Trump's approach to Mexico has alternated between insincere flattery and in-your-face aggression.
But Mexico is also hedging its bets by working on a Plan B. It remains committed to the Trans-Pacific Partnership and, in both May and July, sent trade envoys to meet with representatives from the other ten remaining signatory countries to push forward with the trade agreement despite Trump’s rejection of it. Mexico is also holding talks with the EU to update and modernize a free-trade agreement that the two parties made in 2000. And it is working to expand its commercial ties with Argentina, Brazil, China, and countries in the Middle East. Although the United States will remain Mexico’s largest market, such moves can strengthen the Mexicans’ negotiating hand with Washington and provide some insurance in case the relationship deteriorates even further.
So far, Mexico’s main aim has been simply to protect the pre-Trump status quo as much as possible. Yet with the entire U.S.-Mexican relationship in flux, there is now an opportunity to think big and fundamentally reshape North America’s future.
Making real progress would oblige Americans to abandon their fantasies of walling themselves off from Mexico and would require Mexicans to move past their outrage over Trump and ignore the siren song of nationalism. Only then would a new economic deal between Mexico and the United States be able to go beyond merely tinkering with NAFTA and instead create a more innovative, better-functioning border that speeds the flow of goods, services, ideas, and people. Only then could the two countries together confront the common threats of drug trafficking, organized crime, terrorism, natural disasters, health epidemics, and cyberattacks. Only then could they invest in the work forces that span the border. And only then could they expand their educational exchanges, vocational training, and certification for North American workers and set immigration rules that recognize that freer movement strengthens families, communities, and economies that increasingly depend on cross-border assembly lines and supply chains.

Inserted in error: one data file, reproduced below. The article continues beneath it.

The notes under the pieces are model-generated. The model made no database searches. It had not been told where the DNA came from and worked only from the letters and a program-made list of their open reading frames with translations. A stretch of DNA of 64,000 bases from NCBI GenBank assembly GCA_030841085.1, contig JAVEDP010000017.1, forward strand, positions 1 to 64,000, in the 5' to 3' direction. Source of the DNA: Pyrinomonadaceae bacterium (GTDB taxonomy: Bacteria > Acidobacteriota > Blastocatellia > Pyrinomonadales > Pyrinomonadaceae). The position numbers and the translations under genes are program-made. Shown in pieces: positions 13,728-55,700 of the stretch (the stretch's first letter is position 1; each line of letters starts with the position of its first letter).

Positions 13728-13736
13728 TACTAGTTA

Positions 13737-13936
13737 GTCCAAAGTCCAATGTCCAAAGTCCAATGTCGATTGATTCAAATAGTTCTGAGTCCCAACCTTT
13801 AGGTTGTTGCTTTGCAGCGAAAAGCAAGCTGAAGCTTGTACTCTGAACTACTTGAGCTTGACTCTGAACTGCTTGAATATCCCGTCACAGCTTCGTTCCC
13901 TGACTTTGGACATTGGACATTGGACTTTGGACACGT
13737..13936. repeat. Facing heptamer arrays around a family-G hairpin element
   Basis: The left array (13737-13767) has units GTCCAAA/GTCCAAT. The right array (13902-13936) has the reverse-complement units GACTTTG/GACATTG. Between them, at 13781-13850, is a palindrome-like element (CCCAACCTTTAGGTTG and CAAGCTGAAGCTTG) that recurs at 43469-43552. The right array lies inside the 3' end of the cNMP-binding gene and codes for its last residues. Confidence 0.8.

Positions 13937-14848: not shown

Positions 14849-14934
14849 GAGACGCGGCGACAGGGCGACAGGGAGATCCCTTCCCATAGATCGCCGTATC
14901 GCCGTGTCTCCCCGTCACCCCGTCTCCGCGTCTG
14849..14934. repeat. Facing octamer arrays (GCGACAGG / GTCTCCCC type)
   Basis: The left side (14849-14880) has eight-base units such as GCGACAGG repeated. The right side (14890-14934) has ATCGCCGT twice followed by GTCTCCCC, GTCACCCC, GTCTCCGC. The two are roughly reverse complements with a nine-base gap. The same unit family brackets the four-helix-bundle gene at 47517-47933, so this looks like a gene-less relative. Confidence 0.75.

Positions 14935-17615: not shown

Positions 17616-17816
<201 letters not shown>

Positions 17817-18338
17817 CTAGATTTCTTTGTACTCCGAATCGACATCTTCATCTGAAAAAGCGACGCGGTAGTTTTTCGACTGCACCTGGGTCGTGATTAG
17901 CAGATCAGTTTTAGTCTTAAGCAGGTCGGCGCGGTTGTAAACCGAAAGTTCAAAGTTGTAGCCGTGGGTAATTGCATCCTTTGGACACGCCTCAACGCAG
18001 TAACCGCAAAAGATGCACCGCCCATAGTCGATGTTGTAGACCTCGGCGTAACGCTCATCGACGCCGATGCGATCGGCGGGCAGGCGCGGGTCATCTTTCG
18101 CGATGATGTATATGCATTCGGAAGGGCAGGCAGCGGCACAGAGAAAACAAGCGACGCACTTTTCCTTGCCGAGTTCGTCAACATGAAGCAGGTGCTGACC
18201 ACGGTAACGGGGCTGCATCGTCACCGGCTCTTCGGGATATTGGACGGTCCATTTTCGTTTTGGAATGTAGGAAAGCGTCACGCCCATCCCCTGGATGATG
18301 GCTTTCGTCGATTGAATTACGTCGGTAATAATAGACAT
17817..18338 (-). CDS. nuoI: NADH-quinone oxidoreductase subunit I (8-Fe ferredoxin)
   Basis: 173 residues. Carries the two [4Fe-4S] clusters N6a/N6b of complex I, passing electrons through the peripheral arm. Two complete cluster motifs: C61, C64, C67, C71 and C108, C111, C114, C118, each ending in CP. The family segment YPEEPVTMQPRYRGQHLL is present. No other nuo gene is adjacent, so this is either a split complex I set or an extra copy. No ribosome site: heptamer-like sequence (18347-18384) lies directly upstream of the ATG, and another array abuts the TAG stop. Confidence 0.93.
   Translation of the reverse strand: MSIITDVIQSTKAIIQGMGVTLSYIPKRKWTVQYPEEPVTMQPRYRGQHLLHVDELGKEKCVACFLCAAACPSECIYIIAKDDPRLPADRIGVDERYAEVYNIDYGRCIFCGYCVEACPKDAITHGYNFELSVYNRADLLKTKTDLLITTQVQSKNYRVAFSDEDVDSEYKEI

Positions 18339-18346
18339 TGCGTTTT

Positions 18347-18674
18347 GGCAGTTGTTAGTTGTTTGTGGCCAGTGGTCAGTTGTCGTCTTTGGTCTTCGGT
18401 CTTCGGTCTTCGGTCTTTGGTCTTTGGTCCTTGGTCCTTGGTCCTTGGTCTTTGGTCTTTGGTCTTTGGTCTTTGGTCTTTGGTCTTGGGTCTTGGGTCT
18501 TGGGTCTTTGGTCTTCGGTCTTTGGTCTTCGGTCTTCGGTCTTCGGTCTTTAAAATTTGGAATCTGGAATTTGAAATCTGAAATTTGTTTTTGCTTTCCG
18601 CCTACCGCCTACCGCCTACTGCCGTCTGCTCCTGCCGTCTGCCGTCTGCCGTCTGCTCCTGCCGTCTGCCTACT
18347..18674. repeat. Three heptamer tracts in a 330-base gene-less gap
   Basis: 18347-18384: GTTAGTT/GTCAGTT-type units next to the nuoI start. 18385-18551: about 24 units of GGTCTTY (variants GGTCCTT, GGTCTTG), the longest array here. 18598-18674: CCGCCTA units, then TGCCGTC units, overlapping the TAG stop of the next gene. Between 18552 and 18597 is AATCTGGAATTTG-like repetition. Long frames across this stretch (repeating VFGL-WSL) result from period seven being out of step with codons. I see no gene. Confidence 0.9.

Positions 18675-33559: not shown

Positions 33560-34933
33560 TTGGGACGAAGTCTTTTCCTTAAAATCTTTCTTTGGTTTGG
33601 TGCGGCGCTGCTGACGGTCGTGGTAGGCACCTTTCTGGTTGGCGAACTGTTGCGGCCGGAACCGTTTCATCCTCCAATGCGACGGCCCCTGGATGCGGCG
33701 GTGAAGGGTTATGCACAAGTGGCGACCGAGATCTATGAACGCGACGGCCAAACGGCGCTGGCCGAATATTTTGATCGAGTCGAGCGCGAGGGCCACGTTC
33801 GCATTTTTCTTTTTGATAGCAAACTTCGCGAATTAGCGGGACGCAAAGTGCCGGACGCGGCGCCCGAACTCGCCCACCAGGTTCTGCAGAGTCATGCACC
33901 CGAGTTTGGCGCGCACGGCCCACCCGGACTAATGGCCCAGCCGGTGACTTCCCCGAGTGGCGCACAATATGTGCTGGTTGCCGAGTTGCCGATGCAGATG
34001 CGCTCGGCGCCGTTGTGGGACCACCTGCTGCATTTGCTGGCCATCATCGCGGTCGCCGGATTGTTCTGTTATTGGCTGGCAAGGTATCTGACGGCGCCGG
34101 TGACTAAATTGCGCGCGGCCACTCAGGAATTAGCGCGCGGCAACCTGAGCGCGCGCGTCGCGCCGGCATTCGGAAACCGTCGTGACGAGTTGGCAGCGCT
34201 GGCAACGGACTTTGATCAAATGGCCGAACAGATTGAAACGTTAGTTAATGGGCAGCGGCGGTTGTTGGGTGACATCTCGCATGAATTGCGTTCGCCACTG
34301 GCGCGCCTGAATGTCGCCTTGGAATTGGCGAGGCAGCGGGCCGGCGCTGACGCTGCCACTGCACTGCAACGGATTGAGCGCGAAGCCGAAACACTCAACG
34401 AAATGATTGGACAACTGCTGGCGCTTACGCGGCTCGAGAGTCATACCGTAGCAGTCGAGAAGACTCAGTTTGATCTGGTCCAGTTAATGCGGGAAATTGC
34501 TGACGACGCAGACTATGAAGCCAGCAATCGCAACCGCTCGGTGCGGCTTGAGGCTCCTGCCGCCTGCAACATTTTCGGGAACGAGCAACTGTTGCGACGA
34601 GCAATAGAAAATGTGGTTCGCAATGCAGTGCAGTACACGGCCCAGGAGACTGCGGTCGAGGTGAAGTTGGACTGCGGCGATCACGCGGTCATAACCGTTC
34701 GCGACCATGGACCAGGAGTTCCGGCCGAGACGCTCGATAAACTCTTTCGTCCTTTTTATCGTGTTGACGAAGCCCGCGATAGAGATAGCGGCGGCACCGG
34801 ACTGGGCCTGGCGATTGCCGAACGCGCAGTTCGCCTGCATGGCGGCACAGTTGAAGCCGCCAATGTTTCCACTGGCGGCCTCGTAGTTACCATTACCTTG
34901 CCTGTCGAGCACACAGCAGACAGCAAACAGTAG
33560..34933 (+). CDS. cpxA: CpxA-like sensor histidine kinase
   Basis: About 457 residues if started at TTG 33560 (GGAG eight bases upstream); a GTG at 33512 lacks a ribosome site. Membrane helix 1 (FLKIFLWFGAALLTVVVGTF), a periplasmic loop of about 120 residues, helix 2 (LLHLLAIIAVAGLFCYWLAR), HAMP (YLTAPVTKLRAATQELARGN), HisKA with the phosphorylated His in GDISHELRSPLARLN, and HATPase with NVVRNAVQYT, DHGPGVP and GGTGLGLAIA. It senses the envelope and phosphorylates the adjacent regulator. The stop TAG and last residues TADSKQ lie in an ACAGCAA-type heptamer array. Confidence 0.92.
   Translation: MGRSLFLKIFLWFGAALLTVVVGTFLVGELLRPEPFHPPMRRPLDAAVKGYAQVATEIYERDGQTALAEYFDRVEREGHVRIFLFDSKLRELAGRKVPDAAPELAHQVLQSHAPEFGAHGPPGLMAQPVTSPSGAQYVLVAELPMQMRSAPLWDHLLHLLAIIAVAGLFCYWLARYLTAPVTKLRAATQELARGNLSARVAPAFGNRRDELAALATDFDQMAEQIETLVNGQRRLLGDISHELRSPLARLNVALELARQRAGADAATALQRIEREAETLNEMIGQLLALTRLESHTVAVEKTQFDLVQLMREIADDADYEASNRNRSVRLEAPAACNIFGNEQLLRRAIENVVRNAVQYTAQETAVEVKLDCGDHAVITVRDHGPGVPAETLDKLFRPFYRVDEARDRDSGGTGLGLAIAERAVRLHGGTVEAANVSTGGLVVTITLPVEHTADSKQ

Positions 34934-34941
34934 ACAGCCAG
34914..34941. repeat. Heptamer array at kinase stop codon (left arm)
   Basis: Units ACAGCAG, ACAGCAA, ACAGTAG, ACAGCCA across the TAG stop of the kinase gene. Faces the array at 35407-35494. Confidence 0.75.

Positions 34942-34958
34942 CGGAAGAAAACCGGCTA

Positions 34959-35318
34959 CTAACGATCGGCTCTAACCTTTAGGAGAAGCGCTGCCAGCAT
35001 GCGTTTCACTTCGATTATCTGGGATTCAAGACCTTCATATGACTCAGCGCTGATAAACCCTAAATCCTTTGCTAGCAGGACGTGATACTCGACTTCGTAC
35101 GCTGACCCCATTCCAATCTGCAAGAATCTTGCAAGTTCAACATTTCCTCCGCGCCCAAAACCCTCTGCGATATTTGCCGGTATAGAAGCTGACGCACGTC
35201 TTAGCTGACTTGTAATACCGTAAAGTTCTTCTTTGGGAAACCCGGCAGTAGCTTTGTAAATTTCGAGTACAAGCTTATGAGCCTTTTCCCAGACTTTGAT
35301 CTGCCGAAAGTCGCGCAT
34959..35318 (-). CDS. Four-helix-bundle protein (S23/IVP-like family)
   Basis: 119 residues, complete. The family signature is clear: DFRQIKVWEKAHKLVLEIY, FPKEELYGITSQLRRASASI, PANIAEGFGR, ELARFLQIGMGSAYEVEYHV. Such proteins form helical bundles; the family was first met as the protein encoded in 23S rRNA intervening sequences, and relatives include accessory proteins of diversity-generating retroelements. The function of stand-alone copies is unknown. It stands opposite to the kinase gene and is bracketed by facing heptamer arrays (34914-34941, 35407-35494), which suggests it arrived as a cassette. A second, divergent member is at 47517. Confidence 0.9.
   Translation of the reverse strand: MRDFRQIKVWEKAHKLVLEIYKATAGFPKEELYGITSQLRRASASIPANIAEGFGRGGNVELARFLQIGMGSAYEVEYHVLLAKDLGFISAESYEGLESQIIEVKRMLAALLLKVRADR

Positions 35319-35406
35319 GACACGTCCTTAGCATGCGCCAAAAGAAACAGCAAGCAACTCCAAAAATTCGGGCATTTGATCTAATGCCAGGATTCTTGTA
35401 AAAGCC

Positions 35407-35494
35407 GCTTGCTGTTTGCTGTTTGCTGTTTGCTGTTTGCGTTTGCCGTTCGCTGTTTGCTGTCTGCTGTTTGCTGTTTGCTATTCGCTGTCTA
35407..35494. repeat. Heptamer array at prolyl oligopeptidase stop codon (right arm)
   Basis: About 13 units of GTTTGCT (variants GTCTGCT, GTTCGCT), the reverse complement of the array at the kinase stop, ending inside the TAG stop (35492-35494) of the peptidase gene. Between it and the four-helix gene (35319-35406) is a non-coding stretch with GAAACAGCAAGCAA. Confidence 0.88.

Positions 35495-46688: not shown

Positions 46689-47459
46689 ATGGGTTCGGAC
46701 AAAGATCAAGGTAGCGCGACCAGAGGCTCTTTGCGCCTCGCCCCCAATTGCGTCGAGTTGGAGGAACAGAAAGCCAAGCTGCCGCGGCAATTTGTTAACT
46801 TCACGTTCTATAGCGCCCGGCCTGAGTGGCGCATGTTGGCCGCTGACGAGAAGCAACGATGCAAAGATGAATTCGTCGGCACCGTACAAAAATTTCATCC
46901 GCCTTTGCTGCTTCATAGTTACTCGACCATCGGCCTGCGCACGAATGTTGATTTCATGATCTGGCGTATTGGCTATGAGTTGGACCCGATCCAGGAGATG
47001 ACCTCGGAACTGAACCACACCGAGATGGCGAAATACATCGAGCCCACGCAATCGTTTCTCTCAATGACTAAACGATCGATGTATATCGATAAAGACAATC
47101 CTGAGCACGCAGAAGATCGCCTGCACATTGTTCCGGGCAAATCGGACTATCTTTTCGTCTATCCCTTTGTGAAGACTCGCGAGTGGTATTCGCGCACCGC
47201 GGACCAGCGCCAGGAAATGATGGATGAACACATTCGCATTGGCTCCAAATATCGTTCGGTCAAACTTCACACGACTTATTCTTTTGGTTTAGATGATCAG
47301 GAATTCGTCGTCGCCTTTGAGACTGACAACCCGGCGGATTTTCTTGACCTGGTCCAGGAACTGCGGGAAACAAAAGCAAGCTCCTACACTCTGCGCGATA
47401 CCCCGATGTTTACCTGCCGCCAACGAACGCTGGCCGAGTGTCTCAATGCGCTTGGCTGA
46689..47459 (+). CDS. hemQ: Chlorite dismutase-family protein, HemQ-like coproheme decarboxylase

Of course, that vision is anathema to many of Trump’s core supporters and sits uneasily with Trump’s “America first” protectionism. But Mexico will continue to find a more receptive audience outside Washington. Roads, bridges, railways, aquifers, and other vital elements of the border area can be studied, planned, and promoted by U.S. regional leaders and funded by local public-private partnerships. Local utilities can invest in and prepare for cross-border grids. Universities and community colleges can partner with one another and with companies to train future workers. Licenses and certifications, which are always controlled by states and professional associations, can be expanded to incorporate skilled practitioners on both sides of the border. And police departments, prosecutors, and public defenders can work together across the border to improve safety and security in both countries. Mexico would do well to emulate U.S.-Canadian regional agreements, such as the one that created the Pacific NorthWest Economic Region, which allows five U.S. states and five Canadian provinces to coordinate on issues including infrastructure, energy, the environment, disaster resilience, border management, and education.
The country has already started to adopt this kind of approach, but it must ramp up its efforts by reaching out to city councils and state legislators, community colleges and universities, family-owned farms and businesses, and the administrators of public-private partnerships at the local and state levels. And it must improve its relationship with the millions of Mexicans and Mexican Americans who live north of the border—a diaspora that has been neglected by its homeland for decades. If executed well, such a strategy would deepen day-to-day integration and also create a massive lobby to push Washington—even Trump’s Washington—toward partnership and away from isolation.
Thanks to the populist wave that swept Trump into office, Mexico has been forced to become the mature partner in the U.S.-Mexican relationship. The country’s leaders must ignore Trump’s petty insults, resist the temptation to act in kind, and put forward a positive agenda to more receptive audiences north of the border. If Mexico can rise to the occasion, then the carefully cultivated friendship of the past quarter century can be not only salvaged but even deepened.